Kurstak, Daniel (2006) A phenomenological examination of esoteric states of conciousness. Masters thesis, Concordia University.
- Accepted Version
Esoteric states of consciousness, also known to us as mystical experiences, are characterized by the presence of three main elements: highly unusual and oftentimes ambiguous sensory and non-sensory forms of awareness, along with the bestowment of various forms of seemingly vast knowledge, upon the subject. Due to the first two elements, mystical experiences are often said to be ineffable and esoteric ; due to disagreements regarding the third element, they can also become the source of serious socio-political and religious conflicts. Finally, due to all three of these elements, they are also often viewed with great scepticism, especially within the scientific milieu. We propose a joint solution here, both to the problem of potential conflicts, as well as to the concerns of the sceptics. We do so by showing, by way of a phenomenological investigation, that much of what is purportedly claimed to be ineffable, by the mystics, is actually quite "effable", on condition that the proper questions be asked, and that the proper descriptive framework be employed. In so doing, we pull mystical experiences out of the shadows, and into the spotlight of public language-games. Finally, we further show that, far from negating the mystics, this process actually empowers them, with the fine distinctions needed to address the concerns of today's pedantic sceptics, as well as with the ability better to voice their account of the mystical experience. This, in turn, helps to alleviate potential conflicts, arising from misunderstandings, regarding the contents of the experience itself.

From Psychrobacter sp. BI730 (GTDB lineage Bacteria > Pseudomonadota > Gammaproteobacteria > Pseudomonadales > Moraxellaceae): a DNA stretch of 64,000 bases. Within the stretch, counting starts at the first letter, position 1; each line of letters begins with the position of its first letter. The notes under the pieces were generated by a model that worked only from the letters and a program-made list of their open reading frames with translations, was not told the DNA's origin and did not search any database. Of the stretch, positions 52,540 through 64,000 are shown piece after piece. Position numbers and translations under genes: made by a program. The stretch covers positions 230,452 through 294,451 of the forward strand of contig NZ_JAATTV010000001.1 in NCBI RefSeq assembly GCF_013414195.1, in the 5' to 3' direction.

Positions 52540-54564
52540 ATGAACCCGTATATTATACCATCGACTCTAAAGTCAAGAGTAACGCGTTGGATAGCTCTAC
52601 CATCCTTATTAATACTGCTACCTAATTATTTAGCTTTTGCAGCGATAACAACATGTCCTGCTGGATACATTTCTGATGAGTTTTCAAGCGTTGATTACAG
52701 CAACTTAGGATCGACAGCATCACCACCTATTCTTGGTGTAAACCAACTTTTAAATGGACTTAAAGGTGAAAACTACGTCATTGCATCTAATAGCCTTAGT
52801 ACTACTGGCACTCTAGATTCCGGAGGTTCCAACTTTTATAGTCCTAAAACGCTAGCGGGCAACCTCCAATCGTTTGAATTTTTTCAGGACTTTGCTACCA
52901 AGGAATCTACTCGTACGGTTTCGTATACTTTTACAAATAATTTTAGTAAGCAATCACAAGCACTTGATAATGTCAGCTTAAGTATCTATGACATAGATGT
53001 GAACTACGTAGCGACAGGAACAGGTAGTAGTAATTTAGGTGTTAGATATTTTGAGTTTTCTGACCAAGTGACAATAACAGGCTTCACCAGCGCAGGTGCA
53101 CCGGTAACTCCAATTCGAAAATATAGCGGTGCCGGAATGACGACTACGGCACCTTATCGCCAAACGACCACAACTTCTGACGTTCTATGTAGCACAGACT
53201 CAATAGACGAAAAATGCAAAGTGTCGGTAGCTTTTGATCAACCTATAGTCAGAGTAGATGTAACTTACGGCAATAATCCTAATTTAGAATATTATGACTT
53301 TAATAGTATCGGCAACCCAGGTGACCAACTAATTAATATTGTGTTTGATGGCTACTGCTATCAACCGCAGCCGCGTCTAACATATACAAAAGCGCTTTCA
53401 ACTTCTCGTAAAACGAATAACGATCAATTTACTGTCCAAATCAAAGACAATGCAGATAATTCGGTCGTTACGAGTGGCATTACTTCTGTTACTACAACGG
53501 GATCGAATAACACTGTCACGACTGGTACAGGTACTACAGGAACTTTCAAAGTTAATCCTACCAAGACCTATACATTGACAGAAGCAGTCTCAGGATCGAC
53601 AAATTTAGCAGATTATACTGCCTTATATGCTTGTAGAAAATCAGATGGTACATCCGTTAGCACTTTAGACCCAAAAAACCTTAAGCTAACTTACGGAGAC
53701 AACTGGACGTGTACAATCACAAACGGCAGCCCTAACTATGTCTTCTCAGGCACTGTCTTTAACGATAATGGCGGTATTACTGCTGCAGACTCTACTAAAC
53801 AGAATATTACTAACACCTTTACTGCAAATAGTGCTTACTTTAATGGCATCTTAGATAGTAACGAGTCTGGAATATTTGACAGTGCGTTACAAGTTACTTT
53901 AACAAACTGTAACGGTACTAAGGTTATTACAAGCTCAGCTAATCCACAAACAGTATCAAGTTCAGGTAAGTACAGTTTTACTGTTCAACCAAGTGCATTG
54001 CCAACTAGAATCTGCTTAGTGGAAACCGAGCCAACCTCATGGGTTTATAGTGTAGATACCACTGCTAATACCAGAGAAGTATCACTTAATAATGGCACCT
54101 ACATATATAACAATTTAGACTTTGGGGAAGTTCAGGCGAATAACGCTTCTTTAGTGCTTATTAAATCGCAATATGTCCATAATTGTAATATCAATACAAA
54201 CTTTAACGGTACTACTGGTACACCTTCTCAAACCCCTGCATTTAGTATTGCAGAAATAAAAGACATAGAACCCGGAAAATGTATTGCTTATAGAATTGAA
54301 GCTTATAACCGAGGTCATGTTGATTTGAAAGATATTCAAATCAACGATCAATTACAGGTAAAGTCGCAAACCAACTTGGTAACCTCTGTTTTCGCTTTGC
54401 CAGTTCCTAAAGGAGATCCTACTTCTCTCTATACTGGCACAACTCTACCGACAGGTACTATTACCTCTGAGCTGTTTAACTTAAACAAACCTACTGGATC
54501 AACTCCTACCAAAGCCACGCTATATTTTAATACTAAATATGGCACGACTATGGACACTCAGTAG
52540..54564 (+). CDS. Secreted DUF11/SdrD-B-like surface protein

|Divisions:||Concordia University > Faculty of Arts and Science > Philosophy|
|Item Type:||Thesis (Masters)|
|Pagination:||vi, 116 leaves ; 29 cm.|
|Thesis Supervisor(s):||Zeman, Vladimir|
|Deposited By:||Concordia University Libraries|
|Deposited On:||18 Aug 2011 18:46|
|Last Modified:||30 Nov 2011 22:24|
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